Australian archaeology

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Australian archaeology is a large sub-field in the discipline of archaeology. Archaeology in Australia takes three main forms, Aboriginal archaeology (the archaeology of Aboriginal and Torres Strait Islander people in Australia before and after European settlement), historical archaeology (the archaeology of Australia after European settlement) and maritime archaeology. Bridging these sub-disciplines is the important concept of cultural heritage management which encompasses Aboriginal and Torres Strait Islander sites, historical sites and maritime sites.

Archaeology, or archeology, is the study of human activity through the recovery and analysis of material culture. The archaeological record consists of artifacts, architecture, biofacts or ecofacts and cultural landscapes. Archaeology can be considered both a social science and a branch of the humanities. In North America archaeology is a sub-field of anthropology, while in Europe it is often viewed as either a discipline in its own right or a sub-field of other disciplines.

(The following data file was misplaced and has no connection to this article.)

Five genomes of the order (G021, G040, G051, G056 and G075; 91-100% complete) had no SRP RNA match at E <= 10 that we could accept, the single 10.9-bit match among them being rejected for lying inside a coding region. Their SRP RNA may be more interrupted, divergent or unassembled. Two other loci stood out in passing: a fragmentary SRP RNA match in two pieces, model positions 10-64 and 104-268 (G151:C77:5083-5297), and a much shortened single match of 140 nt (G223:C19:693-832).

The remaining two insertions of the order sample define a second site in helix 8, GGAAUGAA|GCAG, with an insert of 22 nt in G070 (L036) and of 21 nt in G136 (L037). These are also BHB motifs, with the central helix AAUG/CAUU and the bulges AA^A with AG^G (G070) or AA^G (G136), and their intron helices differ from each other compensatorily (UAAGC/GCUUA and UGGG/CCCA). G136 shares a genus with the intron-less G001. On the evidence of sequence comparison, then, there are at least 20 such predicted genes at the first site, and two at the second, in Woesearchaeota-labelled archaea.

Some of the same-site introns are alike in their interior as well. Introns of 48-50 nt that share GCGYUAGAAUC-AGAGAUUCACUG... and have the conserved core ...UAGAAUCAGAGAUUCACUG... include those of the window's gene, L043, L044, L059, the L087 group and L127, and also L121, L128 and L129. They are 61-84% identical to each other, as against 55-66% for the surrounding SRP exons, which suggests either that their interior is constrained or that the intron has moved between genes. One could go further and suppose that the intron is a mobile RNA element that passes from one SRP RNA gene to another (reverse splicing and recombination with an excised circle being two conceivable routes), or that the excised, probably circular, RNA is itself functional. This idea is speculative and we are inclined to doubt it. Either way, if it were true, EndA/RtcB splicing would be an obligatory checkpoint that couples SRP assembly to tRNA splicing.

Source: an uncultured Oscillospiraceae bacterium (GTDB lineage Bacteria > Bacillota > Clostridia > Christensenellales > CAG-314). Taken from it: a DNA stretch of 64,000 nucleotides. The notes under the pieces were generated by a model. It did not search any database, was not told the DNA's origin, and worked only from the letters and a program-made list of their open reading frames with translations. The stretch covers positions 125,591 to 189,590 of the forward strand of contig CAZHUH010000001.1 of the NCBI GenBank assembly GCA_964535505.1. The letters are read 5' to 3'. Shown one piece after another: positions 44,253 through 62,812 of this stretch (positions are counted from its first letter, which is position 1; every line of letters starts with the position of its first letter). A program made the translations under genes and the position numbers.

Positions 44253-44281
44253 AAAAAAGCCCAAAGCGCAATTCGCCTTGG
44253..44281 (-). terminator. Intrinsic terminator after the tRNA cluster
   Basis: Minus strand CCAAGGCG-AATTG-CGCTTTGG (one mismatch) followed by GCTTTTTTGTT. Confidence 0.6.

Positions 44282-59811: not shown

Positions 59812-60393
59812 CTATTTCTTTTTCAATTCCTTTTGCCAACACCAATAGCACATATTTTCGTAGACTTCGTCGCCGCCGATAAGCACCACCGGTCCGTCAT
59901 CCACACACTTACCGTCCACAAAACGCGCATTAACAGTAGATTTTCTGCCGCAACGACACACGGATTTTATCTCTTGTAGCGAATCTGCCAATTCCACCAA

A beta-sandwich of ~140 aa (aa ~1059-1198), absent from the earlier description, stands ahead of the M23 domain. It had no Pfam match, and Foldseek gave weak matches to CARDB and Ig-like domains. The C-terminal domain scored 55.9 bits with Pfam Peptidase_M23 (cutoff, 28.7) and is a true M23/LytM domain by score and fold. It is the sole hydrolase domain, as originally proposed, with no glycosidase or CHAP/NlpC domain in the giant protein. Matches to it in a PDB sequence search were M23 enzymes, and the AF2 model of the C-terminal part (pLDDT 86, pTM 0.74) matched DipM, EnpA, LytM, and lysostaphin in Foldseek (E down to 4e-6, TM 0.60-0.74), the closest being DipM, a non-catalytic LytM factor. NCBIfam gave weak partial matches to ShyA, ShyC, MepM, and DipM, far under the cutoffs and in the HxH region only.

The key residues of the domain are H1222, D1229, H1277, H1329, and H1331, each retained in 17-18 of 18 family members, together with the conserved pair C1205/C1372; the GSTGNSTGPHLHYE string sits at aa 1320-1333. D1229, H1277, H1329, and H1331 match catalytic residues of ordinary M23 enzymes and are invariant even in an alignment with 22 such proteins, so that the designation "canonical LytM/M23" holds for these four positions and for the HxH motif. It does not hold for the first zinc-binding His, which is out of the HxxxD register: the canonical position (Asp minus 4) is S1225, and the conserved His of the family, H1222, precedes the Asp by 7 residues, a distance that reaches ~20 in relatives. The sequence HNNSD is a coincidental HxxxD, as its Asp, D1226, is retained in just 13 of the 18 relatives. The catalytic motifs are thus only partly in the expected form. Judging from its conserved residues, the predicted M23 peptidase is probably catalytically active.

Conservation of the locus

Historical archaeology is a form of archaeology dealing with places, things, and issues from the past or present when written records and oral traditions can inform and contextualize cultural material. These records can both complement and conflict with the archaeological evidence found at a particular site. Studies focus on literate, historical-period societies as opposed to non-literate, prehistoric societies. While they may not have generated the records, the lives of people for whom there was little need for written records, such as the working class, slaves, indentured labourers, and children but who live in the historical period can also be the subject of study. The sites are found on land and underwater. Industrial archaeology, unless practiced at industrial sites from the prehistoric era, is a form of historical archaeology concentrating on the remains and products of industry and the Industrial era.